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The this keyword (JavaScript)

An overview of how the this keyword works in JavaScript

Basic idea

  • Every function has access to a this reference
  • The this reference is assigned a value when creating the execution context for an execution of the function (see Scope and closures)
    • Note that this means that a function's this can point to different things based on how it's executed!
    • Run-time binding, not write-time binding! In that sense, it's a bit the opposite of lexical scoping (see Scope and closures)
  • What the this reference points to is determined by a number of rules

Rules for binding this

Default binding

This is the most basic case, where the function is directly called without doing anything special with it

Example:

function logA() {
console.log(this.a);
}
var a = "test";
logA();

What this is bound to depends on strict mode:

  • If strict mode is not enabled, the function's this points to the global object. Since the global object has a variable a with value test, the code will print test
  • If strict mode is enabled, the function's this is not allowed to point to the global object. Instead, this points to undefined, and the code throws a TypeError because we tried to access undefined.a

Implicit binding

Implicit binding occurs when the function is called through an object that holds a reference to it. In this case, that object is called the context object and the function's this points to the object.

Example:

function logA() {
console.log(this.a);
}
const theObject = {
a: "test",
logA: logA
};
const secondObject = {
a: "second",
doSomething: logA
};
theObject.logA(); // test
secondObject.doSomething(); // second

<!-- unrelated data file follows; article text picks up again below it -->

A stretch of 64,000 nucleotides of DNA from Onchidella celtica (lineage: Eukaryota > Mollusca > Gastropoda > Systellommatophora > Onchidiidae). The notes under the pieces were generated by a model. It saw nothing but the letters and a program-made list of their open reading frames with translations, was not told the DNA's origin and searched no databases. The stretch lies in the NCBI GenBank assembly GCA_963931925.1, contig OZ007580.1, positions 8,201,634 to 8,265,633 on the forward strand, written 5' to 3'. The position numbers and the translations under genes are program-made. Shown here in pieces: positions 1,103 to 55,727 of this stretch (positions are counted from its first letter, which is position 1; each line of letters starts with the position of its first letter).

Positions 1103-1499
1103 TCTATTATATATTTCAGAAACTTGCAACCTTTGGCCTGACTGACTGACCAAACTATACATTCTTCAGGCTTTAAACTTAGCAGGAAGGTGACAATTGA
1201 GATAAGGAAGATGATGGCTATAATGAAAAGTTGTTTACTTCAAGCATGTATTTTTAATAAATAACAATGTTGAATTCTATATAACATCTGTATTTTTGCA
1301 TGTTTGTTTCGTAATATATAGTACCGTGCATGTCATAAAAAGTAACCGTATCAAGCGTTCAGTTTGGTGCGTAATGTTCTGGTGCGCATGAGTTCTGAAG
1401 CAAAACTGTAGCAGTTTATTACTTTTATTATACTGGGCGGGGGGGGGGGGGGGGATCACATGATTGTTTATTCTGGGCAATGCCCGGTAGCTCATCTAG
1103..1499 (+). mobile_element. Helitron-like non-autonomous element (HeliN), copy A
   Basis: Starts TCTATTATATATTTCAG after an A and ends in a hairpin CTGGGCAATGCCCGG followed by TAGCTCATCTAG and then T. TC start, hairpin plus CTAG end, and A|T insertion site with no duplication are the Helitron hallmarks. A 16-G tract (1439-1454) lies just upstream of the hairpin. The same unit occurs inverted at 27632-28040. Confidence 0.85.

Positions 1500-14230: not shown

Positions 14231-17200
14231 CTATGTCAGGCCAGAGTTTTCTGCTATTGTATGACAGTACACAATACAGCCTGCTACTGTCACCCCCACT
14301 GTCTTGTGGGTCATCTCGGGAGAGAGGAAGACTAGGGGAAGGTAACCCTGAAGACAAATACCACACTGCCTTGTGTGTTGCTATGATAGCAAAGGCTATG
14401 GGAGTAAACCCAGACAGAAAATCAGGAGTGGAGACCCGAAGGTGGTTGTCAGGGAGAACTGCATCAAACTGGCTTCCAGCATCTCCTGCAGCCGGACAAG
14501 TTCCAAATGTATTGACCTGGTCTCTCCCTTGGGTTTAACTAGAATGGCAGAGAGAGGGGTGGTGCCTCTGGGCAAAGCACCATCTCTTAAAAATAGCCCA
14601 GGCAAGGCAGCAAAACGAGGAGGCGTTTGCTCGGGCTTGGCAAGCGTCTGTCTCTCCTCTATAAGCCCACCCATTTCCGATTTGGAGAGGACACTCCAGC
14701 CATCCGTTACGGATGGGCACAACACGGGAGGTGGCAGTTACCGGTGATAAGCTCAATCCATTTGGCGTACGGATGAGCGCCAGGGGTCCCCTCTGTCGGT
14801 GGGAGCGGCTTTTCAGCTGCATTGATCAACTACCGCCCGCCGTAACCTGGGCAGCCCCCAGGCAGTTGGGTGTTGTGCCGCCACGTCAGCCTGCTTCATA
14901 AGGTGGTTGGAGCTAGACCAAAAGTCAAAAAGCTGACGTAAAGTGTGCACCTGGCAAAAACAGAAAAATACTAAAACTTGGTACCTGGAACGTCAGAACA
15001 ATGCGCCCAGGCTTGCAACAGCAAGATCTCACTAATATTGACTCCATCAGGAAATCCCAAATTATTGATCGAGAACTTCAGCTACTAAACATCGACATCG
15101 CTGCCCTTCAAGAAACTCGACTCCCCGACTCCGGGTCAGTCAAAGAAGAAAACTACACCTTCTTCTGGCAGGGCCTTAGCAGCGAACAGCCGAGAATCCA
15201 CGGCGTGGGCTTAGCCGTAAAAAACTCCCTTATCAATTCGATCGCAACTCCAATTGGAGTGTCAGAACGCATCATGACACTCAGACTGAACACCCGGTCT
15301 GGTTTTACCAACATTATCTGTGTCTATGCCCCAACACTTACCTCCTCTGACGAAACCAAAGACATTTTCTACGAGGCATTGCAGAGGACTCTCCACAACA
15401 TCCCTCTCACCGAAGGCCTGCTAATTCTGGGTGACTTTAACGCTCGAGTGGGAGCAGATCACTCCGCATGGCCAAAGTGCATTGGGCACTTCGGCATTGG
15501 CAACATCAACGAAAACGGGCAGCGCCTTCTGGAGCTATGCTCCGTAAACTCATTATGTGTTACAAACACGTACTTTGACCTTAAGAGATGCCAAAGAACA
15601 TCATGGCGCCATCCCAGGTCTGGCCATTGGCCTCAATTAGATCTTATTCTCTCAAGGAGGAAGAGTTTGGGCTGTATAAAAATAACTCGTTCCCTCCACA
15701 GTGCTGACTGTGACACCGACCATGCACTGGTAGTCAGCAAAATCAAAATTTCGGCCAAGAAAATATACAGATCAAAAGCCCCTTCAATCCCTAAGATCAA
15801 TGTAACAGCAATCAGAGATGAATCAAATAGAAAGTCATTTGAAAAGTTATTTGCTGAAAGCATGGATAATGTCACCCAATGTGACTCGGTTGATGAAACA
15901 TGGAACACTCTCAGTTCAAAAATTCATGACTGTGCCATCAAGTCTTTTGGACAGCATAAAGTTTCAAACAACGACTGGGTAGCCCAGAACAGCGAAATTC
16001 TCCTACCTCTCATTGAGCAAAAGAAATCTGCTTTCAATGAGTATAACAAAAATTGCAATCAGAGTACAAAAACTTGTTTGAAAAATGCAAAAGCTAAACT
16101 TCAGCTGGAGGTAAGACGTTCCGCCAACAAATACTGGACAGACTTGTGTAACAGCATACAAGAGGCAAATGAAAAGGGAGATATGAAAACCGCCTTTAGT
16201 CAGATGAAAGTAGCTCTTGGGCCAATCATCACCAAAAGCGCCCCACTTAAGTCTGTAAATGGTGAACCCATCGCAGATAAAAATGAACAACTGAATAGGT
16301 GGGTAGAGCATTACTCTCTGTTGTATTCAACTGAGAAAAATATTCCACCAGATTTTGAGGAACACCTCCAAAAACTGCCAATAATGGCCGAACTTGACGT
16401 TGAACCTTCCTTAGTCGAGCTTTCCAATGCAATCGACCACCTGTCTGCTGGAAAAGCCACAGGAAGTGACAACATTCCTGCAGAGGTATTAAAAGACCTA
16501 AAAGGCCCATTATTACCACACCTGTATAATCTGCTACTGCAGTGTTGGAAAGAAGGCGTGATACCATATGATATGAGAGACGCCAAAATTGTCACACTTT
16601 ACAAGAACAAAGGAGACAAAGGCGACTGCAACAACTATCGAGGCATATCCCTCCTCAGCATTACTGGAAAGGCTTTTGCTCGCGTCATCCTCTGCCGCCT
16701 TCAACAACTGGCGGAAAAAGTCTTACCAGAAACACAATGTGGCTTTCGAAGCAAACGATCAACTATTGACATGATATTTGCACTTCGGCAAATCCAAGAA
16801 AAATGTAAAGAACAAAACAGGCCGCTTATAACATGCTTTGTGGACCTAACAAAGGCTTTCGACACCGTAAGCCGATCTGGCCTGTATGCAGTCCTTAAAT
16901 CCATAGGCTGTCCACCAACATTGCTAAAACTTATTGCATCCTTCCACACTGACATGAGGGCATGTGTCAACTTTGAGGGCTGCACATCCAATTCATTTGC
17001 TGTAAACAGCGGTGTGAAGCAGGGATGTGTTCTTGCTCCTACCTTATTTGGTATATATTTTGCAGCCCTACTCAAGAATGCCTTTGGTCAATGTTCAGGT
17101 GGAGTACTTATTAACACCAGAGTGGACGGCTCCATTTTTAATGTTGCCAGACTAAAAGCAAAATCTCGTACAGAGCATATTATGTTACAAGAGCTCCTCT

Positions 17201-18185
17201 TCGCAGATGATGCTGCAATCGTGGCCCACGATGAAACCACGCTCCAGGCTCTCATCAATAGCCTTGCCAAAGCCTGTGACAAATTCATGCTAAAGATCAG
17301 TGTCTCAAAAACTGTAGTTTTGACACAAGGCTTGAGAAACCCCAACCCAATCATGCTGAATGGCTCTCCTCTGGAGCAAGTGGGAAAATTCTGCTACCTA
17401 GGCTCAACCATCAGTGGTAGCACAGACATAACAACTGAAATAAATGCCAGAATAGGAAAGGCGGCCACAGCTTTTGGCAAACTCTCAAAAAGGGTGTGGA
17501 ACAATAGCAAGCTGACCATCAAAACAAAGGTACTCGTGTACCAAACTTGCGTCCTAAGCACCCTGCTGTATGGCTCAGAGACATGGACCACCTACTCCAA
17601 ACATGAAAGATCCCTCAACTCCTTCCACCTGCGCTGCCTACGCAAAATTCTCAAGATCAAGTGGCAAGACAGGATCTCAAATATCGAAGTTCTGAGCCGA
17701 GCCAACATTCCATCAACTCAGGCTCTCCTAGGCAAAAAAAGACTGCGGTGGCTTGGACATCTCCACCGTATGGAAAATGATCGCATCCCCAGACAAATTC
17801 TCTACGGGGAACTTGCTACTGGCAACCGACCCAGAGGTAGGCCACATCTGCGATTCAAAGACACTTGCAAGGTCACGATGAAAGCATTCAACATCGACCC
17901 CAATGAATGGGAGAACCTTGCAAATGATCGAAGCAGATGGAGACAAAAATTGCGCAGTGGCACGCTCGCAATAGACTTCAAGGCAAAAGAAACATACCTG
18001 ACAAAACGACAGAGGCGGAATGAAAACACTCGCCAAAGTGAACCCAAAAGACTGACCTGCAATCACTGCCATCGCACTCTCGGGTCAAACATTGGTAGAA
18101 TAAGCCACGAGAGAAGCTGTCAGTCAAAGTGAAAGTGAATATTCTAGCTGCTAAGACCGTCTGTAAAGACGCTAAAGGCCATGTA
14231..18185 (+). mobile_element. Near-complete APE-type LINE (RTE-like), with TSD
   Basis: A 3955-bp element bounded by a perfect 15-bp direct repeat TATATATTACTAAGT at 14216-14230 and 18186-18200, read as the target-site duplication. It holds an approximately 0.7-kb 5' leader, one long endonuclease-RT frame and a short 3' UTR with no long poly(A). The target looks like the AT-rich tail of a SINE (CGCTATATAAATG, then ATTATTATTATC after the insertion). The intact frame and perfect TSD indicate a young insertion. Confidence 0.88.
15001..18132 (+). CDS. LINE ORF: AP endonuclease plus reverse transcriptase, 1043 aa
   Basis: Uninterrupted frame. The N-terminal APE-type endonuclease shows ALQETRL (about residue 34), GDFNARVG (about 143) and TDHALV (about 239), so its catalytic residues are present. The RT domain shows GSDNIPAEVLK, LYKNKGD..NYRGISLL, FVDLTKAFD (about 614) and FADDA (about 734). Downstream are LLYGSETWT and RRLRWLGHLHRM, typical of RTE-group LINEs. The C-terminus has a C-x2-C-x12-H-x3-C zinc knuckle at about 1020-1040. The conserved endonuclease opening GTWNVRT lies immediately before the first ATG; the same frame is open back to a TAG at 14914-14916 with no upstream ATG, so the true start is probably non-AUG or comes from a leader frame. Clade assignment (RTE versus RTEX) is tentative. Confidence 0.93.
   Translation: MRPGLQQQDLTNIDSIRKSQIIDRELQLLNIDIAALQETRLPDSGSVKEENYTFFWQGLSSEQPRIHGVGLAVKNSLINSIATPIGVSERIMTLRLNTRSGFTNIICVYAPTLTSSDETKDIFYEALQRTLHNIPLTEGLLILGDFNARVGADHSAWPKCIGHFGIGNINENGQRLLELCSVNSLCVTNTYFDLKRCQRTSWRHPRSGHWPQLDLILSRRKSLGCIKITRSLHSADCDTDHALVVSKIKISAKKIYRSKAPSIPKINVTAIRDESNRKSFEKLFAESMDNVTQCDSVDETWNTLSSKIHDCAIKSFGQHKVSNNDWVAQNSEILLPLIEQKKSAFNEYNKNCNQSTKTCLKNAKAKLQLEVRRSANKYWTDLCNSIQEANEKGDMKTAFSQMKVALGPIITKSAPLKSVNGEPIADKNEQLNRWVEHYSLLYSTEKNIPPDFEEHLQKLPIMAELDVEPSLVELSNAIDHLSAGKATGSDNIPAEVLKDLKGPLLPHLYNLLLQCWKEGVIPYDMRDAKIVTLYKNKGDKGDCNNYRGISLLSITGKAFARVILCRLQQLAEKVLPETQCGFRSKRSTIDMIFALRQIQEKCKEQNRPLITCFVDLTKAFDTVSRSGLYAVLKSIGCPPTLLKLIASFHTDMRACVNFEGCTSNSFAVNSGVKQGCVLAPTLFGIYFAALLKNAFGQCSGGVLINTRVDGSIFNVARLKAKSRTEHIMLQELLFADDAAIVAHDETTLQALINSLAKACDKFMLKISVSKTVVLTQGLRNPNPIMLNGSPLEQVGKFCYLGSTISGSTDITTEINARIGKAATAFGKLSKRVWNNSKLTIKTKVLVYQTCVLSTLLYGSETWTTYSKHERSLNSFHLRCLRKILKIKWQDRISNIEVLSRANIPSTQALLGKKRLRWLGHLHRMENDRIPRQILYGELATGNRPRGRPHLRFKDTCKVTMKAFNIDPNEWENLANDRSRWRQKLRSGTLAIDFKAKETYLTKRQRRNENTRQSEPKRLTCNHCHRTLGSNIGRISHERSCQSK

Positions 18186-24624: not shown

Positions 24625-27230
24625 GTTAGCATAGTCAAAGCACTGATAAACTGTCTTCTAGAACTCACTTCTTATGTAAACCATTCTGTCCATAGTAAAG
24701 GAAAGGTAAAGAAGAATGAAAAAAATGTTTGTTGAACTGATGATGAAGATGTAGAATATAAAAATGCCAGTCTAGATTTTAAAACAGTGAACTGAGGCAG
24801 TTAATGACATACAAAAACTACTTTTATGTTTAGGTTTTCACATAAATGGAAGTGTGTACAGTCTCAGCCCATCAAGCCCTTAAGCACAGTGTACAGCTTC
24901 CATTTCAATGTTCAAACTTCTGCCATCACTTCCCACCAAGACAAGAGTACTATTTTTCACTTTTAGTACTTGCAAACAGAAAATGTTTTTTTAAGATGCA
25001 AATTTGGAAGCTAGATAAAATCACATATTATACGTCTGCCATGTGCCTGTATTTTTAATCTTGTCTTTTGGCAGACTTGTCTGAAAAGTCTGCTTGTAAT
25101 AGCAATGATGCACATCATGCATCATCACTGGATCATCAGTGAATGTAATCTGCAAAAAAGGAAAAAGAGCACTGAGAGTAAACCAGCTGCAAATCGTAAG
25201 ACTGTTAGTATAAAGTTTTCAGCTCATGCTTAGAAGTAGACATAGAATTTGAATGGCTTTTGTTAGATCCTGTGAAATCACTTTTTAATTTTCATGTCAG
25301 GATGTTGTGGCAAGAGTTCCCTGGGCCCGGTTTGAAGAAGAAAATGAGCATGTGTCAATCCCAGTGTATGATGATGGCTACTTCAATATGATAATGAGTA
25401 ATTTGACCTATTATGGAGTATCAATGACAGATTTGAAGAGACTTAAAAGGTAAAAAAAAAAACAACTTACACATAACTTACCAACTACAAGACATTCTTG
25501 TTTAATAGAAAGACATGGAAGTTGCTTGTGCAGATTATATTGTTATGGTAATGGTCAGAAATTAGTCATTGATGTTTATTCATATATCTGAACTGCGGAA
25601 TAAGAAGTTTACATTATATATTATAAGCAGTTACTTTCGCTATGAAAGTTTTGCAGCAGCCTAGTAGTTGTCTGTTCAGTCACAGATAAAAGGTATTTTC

One tricky thing: it's easy to lose that implicit binding!

function logA() {
console.log(this.a);
}
const theObject = {
a: "test",
logA: logA
};
const theFunction = theObject.logA; // theFunction now just points to logA
theFunction(); // logs undefined (non-strict mode) or throws TypeError (strict mode)

As we see above, assigning the function to a variable and then calling it doesn't use implicit binding anymore. Instead, we fall back to default binding.

One case where we need to be careful with that is when passing functions around as callbacks. Example:

function logA() {
console.log(this.a);
}
const theObject = {
a: "test",
logA: logA
};
// here, we assign the function to an argument and setTimeout calls it later
// logs undefined (non-strict mode) or throws TypeError (strict mode)
setTimeout(theObject.logA, 1000);
// here, we make sure to call logA through theObject
// logs 'test'
setTimeout(function () {
theObject.logA();
}, 1000);

Explicit binding

As the name suggests, explicit binding is more explicit about what the function's this reference is bound to

Example:

function logA() {
console.log(this.a);
}
const theObject = {
a: "test",
logA: logA
};
// call and apply differ in how to specify the function's arguments (not relevant here)
logA.call(theObject); // test
logA.apply(theObject); // test
const theFunction = theObject.logA;
theFunction(); // logs undefined (non-strict mode) or throws TypeError (strict mode)
const boundFunction = theObject.logA.bind(theObject);